An aerial view of the Old Port, pictured above, gives an idea of the massive scale (it's just to the right of the church steeple on the far side of the port).
Its two great, sweeping staircases (one in each of the side wings), arched galleries, vaulted passageways and spacious open terraces seem more appropriate to a château than to a hospital. It became a listed building in 1963.
So what's it like inside? The entrance is imposing. The InterContinental's architect, Anthony Béchu, and designer, Jean-Philippe Nuel have cleverly flooded the hotel's lobby, pictured, with light via a new glass ceiling.
Its black and white stonework echoes the historic hospital decor and the façades of Marseille's Sainte Marie Majeur cathedral and Notre Dame de la Garde.
On the other hand this starkly monochrome colour scheme may not be to all tastes. Overstuffed with classy but obtrusive artworks, some of the public areas look aggressively modern and out of keeping with the historical setting. Pictured below: a corner of the lobby reflected in a designer mirror framed with mussel shells.
In fact the overall restoration is not quite as respectful of the original building as it might have been, especially in the areas at the back, away from the spectacular façade. We toured the Hôtel Dieu with a team of architects and conservationists, who were certainly less than impressed.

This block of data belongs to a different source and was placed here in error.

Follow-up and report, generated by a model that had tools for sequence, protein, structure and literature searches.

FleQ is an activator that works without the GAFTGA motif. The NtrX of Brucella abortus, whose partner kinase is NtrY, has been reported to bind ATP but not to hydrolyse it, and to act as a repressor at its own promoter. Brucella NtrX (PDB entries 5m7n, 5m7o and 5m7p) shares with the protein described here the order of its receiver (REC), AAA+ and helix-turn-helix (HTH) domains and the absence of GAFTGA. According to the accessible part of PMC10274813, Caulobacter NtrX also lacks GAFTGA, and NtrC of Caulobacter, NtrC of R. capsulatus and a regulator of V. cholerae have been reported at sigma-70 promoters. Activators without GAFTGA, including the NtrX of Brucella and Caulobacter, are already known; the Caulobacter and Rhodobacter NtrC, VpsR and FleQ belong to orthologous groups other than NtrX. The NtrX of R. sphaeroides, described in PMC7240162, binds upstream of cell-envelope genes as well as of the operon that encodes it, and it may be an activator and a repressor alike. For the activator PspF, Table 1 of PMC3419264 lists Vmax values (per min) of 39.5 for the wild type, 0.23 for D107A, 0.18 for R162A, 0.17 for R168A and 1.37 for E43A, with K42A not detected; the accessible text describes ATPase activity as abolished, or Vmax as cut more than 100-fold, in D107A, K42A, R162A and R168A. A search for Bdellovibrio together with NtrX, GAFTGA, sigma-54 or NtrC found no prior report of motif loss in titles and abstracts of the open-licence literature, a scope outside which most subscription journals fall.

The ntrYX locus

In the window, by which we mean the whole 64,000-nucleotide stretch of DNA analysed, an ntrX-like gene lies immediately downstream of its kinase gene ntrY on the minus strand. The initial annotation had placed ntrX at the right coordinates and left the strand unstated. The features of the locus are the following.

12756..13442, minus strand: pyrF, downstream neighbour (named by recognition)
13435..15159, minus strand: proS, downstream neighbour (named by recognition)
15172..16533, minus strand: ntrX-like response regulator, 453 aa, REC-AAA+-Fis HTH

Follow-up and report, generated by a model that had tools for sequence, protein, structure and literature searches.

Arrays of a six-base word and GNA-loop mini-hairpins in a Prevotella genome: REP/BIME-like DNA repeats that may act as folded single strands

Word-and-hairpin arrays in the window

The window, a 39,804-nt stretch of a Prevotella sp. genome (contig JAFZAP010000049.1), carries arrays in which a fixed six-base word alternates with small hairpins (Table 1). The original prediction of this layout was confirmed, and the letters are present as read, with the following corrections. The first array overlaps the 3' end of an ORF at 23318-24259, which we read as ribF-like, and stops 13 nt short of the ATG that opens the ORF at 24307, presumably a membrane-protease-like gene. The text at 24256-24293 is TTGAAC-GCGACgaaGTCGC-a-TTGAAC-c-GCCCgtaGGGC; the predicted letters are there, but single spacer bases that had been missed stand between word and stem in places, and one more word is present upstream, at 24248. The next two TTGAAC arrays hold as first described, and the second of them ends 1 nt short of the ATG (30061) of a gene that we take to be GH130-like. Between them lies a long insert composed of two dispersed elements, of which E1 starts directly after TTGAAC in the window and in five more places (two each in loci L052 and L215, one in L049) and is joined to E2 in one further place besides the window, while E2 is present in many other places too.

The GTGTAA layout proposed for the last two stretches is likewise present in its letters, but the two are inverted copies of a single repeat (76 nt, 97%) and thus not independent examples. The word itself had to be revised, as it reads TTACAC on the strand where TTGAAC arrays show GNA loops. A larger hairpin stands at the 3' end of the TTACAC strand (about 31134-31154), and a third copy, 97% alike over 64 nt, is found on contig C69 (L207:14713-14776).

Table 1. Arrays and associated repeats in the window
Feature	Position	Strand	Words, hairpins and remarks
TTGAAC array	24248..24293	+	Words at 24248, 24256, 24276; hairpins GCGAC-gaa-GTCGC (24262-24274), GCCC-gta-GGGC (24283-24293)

Another caveat: the bedrooms you will see on the hotel website or in travel writers' reports all enjoy stunning panoramic vistas. However this applies to only just over a third of the Hôtel Dieu's 172 rooms and 22 suites.
The others look onto either the tangle of narrow streets in the Panier (Old Town) or over a large but rather nondescript inner courtyard, one side of which is taken up by rented apartments.
The standard and executive rooms are good-sized, with big beds and all the extras you expect of a five-star hotel (in the executive rooms, you can open up the bathroom to enjoy a view of the Old Port while having a wash).
The ceilings, however, are on the low side, as extra floors have been added in between the existing ones to increase the accommodation capacity.
The Hôtel Dieu is the first hotel in France to be subject to Environmental Quality certification. This requires it to conform to strict guidelines in terms of such things as the building materials, energy management, acoustics, and quality of air and water.
There's also a rather small and stuffy-looking 30-seat gastronomic restaurant, Alcyone, pictured, which boasts a bizarre tinselly ceiling light feature.
Lionel Lévy, one of the chefs at the forefront of Marseille's gastronomic revolution, leads the kitchen in both the restaurant and the brasserie.
He previously ran Une Table, au Sud, which received a Michelin star in 2005 (that restaurant is now in the hands of his former deputy, Ludovic Turac).
As widely expected, Lévy clocked up another first Michelin star for L'Alcyone in the 2014 Michelin restaurant guide.
The Hôtel Dieu's other facilities include an indoor swimming pool, designed to evoke a provençal lavoir (communal washtub), a spa (of course) and fitness centre, an underground car-park and a 1,000 square metre / 10,700 square foot conference centre.
Visited April 2013
Where: The InterContinental Hôtel Dieu,1 place Daviel, 13002 Marseille. Tel: (+33) 4 91 01 39 74. Book a room at the InterContinental Hôtel Dieu Marseille